5 Tips for Women in Construction – From Women in Construction
To inspire women to pursue a career in construction, we must share our knowledge.
Women in various positions in construction can provide a wide variety of insight – what attracted them to the industry, how to overcome challenges, what motivates them and how this career can pave the way for a bright future.
From empowering women in the industry, these are a few tips for women in construction (and inspirational advice in general):
1. Build confidence, work hard.
“I always strive to inspire women in the industry to be strong and remain true to their values. Women who work hard and to the best of their abilities will be respected by their peers,” said Mittie Cannon, founder of POWER UP Inc.
There is a significant confidence gap between men and women, as women are more likely to underestimate their ability, talent and place in the workforce. Strengthening confidence on the job will enhance the personal belief that women bring value to a team.
The construction industry needs individuals who are willing to work hard and show a passion for their career. Finding ways to enhance knowledge and translate it to improving on-the-job work can solidify why you are an asset.
Actions speak louder than words. Let your strengths create opportunities and take them. With an increasing labor shortage, women may be the heroes the construction industry needs.
2. Join construction-focused groups.
Organizations, both large and small, provide tremendous resources for individuals looking to pursue a career in construction.
Nationally recognized groups such as the National Association of Women in Construction (NAWIC) and Professional Women in Construction (PWC) provide mentorship, seminars, tips and networking opportunities for women entering the field.
Other notable associations include the Associated General Contractors of America (AGC) or perhaps a local ABC Chapter.
3. View challenges as opportunities.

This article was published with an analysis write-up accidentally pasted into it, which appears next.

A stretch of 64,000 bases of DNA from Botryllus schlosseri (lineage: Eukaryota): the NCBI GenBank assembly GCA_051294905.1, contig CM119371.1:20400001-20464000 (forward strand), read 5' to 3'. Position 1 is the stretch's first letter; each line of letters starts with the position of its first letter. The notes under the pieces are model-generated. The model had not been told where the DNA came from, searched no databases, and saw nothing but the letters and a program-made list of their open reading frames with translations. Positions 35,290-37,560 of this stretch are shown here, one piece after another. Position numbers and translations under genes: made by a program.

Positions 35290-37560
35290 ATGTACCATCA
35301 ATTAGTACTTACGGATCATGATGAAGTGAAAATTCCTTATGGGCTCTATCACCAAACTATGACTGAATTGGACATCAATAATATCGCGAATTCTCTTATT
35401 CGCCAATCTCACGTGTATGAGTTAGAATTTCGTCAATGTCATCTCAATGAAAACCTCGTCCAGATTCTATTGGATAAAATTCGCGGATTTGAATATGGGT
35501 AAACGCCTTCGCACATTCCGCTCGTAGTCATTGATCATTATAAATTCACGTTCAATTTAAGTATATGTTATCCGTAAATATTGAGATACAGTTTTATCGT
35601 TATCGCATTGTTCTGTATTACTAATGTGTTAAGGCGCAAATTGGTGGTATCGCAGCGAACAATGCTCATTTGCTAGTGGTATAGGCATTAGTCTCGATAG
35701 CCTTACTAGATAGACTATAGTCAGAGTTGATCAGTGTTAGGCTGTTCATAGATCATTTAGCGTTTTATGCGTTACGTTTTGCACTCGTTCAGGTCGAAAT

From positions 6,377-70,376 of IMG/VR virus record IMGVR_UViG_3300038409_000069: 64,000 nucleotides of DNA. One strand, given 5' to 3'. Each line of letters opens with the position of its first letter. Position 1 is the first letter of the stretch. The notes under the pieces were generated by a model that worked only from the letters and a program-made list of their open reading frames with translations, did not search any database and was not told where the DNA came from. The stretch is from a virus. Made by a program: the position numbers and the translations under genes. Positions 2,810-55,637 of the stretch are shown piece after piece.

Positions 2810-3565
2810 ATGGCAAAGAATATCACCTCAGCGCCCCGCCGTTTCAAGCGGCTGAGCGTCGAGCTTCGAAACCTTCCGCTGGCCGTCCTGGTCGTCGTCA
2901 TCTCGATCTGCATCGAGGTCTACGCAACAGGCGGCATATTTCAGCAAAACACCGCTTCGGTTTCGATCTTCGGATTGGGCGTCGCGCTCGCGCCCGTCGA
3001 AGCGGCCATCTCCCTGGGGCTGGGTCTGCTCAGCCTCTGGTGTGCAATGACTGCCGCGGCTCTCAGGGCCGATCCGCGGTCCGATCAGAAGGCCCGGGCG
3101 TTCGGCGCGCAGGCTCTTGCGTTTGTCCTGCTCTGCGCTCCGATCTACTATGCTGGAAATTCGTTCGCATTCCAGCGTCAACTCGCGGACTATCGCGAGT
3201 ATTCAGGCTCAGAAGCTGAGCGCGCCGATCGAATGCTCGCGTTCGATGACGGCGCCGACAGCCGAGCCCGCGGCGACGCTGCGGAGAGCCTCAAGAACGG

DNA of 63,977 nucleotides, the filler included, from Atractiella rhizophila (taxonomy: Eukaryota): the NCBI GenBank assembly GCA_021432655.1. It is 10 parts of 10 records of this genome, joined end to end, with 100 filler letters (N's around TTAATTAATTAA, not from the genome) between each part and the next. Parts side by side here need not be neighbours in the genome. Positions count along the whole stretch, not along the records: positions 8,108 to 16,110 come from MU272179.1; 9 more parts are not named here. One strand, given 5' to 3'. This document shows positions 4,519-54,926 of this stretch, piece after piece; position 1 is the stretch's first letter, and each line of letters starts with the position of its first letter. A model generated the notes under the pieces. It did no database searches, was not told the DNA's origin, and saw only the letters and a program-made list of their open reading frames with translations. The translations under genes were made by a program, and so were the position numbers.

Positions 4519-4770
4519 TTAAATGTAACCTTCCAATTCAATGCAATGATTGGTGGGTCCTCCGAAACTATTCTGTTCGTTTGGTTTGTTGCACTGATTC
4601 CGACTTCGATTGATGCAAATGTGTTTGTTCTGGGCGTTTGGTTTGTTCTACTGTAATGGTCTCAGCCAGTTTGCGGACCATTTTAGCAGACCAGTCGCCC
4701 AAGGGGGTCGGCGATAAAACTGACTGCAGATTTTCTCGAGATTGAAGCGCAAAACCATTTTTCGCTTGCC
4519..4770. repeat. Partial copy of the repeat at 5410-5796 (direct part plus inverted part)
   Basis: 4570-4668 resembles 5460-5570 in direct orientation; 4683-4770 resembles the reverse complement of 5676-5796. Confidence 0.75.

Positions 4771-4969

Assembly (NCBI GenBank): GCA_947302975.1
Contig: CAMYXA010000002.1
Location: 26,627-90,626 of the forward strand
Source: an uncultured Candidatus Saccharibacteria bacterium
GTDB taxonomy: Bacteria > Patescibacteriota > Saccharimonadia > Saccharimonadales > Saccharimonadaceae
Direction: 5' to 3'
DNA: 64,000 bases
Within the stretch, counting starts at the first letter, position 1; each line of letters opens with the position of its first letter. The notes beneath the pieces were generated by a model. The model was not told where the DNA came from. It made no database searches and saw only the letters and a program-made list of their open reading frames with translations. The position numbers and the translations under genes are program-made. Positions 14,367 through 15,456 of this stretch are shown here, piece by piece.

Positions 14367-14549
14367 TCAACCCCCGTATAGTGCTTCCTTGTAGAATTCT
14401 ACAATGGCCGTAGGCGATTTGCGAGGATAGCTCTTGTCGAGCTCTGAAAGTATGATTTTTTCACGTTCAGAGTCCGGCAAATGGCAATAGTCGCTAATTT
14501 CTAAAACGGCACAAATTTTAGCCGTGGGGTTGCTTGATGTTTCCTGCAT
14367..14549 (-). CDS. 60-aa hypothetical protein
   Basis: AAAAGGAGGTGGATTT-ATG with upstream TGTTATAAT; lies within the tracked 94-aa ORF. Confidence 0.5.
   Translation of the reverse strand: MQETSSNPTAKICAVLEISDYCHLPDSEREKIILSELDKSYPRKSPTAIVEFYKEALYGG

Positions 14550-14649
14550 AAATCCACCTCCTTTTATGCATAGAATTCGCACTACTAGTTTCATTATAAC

Women only account for 9 percent of the construction industry.
With men holding a significant number of leadership roles, it can be difficult to break down the barriers and enter a male-dominated industry.
“Don’t let anyone get in your way or tell you that it’s not possible because it is. Stick to your gut and go for it. If you feel it’s right, then you can do it,” said Madison Jackson, graduate from LSU.
As a female in construction, there is opportunity to pave the way for future women in the industry. Apply for internal promotions, seek additional training and become a leader and voice for women looking to cement themselves in the field.
4. Stay up to date on the industry.
Women can stay on top of emerging innovations and current trends in the industry by reading blogs, magazines and books on a variety of different topics.
Platforms such as Build Your Future, Tradeswomen and Constructing Equality aim to highlight personal stories, tackle issues of diversity, promote scholarship opportunities and discuss what’s new in construction.
Knowledge is power.
5. Find a mentor (or be one).
“The more women we can recruit into the industry, the more of an impact we can make,” said Ashley Rooker, electrical apprentice at Gaylor Electric.
Women in the industry can lay a solid foundation for those interested in pursuing a career in construction. Finding a close network of hard-working individuals that share similar interests and career goals can be gratifying.
Mentors can play an important role in both a personal and professional life. From insight on personal experiences to advice on how to succeed in the construction industry, they can be a valuable source of information and support.
As the saying goes, “empowered women empower women.”